Unfortunately, in this case, the cap head screws did not provide enough clearance for the slider on the DRO. I could have solved this problem, had I anticipated it, by using thicker mounting blocks for the scale.

X-axis DRO mounted on back side of table


Another “L” bracket holds the DRO readout unit in a fixed position relative to the X-axis table movement. The DRO scale is attached to the table and moves along with the table past the fixed readout head.

Since the mounting screws for the DRO head are on the back side, I decided to mount the DRO with the back side facing outward from the table, so that I could access the mounting screws. This orientation also provides protection for the relatively fragile digital display on the front of the DRO. The mouting blocks provided sufficient clearance for the slider.

The L-bracket just slips under the heads of the screws, which are then tightened down. There was no special reason that I mounted it that way, except that I began this process using a shorter DRO and its mounting screws were closer together.

The bracket was made to fit that DRO and when I got the longer DRO I did not feel like making a whole new L-bracket, so that’s how it happened. Someday, maybe I’ll make a wider bracket. Probably not. 🙂

The base of the L-bracket is screwed to an aluminum base plate that is super-glued to the Y-axis dovetail casting. Here again, it was easier to drill and tap the separate aluminum base than to drill and tap the dovetail casting. The mounting hole for the L- bracket is milled out to a slot to allow the bracket to slide in and out to align it with the DRO scale.

L-bracket for DRO readout unit


To the right of the L-bracket, you can see another “Z” shaped bracket that supports the data cable where it plugs into the DRO. This bracket, and a similar one on the Y-axis DRO, ultimately solved the problem of the cables making intermittent connections that resulted in erroneous position readings.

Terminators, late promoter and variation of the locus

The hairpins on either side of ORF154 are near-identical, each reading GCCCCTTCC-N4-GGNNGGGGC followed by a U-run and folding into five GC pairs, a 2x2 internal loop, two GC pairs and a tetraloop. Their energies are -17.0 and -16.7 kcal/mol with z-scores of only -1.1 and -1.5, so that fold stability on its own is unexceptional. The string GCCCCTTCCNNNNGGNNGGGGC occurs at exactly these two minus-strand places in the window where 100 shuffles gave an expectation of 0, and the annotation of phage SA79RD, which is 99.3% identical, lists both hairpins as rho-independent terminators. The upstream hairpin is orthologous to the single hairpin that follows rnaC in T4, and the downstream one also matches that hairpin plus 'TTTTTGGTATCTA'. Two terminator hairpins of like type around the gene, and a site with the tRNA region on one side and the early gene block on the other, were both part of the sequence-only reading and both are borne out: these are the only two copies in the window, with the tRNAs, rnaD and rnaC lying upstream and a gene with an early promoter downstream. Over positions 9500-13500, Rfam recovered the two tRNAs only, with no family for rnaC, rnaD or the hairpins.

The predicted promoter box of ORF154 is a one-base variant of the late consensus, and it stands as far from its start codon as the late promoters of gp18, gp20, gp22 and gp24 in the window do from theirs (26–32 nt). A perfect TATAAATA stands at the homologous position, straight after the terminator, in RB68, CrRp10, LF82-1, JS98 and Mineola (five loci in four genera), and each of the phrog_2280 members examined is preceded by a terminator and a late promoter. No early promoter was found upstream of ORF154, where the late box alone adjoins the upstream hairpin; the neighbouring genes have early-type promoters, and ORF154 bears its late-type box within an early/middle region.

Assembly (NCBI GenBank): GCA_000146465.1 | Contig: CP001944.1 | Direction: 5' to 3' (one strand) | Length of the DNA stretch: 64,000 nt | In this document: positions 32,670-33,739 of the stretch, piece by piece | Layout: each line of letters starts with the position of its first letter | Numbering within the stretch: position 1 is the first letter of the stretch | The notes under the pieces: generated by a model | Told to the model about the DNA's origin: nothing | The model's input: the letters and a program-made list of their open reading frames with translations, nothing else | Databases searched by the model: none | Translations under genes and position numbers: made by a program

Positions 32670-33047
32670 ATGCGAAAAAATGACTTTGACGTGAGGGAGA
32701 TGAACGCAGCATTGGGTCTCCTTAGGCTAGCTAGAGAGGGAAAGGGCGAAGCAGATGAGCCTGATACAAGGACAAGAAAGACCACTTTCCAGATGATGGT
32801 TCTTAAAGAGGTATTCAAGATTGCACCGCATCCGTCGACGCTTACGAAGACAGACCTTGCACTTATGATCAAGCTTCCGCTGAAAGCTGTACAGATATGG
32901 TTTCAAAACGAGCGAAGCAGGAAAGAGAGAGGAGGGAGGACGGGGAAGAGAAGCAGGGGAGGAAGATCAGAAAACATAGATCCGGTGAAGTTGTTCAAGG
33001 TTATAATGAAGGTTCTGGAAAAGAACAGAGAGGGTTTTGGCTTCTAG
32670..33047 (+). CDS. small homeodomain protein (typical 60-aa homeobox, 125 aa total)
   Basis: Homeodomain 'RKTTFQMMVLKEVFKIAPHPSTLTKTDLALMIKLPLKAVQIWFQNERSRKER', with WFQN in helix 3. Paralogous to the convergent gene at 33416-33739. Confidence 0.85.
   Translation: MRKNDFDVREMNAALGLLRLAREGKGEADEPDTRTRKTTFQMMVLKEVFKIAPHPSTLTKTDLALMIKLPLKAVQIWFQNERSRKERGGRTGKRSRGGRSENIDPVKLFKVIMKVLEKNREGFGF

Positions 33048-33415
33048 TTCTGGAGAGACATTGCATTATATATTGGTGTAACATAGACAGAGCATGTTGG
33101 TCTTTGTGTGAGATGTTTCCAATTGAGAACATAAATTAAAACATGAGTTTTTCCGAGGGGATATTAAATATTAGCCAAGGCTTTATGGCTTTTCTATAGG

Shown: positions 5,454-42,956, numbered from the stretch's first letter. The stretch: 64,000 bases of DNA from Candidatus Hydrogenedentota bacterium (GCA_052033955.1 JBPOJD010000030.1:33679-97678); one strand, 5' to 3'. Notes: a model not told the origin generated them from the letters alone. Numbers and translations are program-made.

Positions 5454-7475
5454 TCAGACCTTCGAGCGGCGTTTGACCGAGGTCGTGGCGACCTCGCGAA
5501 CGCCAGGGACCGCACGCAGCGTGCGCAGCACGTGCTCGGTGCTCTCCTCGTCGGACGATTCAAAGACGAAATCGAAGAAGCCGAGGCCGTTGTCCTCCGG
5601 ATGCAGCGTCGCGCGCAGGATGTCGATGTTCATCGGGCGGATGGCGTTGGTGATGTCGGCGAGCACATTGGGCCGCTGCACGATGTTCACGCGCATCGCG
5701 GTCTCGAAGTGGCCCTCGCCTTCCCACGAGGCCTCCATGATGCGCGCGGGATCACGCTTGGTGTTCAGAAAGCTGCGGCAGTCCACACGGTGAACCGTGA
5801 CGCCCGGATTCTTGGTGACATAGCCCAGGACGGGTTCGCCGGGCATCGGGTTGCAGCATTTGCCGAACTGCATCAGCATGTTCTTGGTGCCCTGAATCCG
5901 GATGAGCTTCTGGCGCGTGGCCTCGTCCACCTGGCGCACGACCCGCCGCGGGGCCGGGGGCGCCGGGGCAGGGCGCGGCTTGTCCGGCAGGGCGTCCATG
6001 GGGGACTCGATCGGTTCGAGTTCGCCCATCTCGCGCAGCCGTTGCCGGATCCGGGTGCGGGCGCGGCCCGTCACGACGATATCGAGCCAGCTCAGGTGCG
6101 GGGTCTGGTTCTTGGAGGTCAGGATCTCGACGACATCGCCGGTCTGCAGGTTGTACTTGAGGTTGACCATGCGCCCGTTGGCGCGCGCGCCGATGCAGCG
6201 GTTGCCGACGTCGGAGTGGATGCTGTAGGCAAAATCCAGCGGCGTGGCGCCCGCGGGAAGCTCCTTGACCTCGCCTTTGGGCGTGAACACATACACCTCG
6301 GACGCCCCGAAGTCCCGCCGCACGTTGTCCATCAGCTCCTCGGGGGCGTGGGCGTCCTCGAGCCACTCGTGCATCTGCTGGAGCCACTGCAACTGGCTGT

I also made several custom cable clamps from aluminum and used them to restrain the cables at various strategic locations.

Cable clamps


The Y-axis DRO Mount

I made the Y-axis DRO mount first, and it seemed to me that the most direct way to mount the DRO was in a horizontal orientation on the left side ledge formed by base of the mill.

The ledge is adjacent to the side of the Y-axis table, making it relatively easy to attach the DRO, while the table above provides protection and chip shielding.

Y-axis DRO mount


I mounted the DRO on an aluminum block about 3/4″ high and a little longer than the DRO scale. The block brings the DRO up to a convenient height to attach the slide to the Y-axis slide by means of custom L-bracket.

A simpler solution would have been to use two separate riser blocks – one for each end – and superglue them to the mill base. I did not want to use superglue in this situation since it would ruin the paint job if I ever needed to remove them.

Using two separate blocks would have required drilling and tapping at least four holes, instead of two, so I decided to go with the enlongated riser block.

Unlike the X-axis mounting, in this situation it is the slide that is fixed and the readout that moves. This was simply a result of what was most expedient in each case.